The present study was designed to test the hypothesis that the use of the IF CPAP system will reduce the extubation failure rate, defined as no need for reintubation within 7 days of extubation, among ELBW infants by 50% (from 40% to 20%) when compared with conventional CPAP delivered by a mechanical ventilator and INCA prongs (Ackrad Laboratories, Inc, Cranford, NJ). Secondary outcome measures included death, survival without BPD, and the length of hospital stay.
A retrospective chart review of 30 infants who had birth weight (BW) ≤1000 g and were treated in 2 intensive care nurseries under the management of neonatologists from Wake Forest University School of Medicine demonstrated a 40% extubation failure rate, consistent with the published literature.3,5,19,20 Power analysis indicated that a cohort of 162 infants would be needed to demonstrate a 50% reduction in extubation failure from 40% to 20%, with a power of 0.8 and an α-error of 0.05.
Patients, Randomization, and Study Criteria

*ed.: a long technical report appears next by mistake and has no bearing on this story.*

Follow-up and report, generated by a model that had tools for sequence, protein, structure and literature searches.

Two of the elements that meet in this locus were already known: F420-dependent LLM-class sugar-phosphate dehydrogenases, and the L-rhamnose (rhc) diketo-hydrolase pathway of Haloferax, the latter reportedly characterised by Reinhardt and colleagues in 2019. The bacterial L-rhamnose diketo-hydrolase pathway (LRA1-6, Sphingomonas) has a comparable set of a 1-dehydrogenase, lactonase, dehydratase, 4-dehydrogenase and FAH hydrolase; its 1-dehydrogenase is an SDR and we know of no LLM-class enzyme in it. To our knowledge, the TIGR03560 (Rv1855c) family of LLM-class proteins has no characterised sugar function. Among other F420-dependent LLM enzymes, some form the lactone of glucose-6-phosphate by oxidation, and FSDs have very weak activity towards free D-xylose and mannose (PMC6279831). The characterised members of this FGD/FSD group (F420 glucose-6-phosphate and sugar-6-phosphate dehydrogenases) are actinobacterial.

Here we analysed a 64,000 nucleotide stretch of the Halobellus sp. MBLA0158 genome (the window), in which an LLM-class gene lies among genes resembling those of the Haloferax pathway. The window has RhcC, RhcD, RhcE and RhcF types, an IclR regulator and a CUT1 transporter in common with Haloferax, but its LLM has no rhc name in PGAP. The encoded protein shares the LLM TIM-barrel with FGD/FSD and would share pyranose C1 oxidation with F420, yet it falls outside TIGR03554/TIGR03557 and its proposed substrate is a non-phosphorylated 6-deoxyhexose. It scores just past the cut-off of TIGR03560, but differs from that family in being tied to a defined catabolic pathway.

A prospective, unmasked, randomized, controlled trial of IF CPAP versus conventional CPAP for successful extubation was initiated in 1997 in consecutive eligible ELBW infants in the intensive care nurseries at Brenner Children’s Hospital and Forsyth Medical Center in Winston-Salem, North Carolina. Between July 1997 and November 2000, 162 ELBW infants were assigned using a table of random numbers and sealed opaque envelopes to either IF CPAP or conventional CPAP and stratified into 3 BW blocks as follows: ≤600 g, 601 to 800 g, and 801 to 1000 g. Randomization occurred after informed consent had been obtained from the infant’s parent or legal guardian and close to the time of the infant’s first extubation attempt. In the rare circumstance when an infant was randomized but not immediately extubated, the randomization card was marked with indelible ink and kept in the study notebook at the respiratory therapy desk in the nursery until extubation occurred. CPAP was delivered per randomization assignment with either IF CPAP or “conventional CPAP” using INCA prongs and a time-cycled, pressure-limited ventilator. Our study design precluded crossover between the CPAP delivery systems.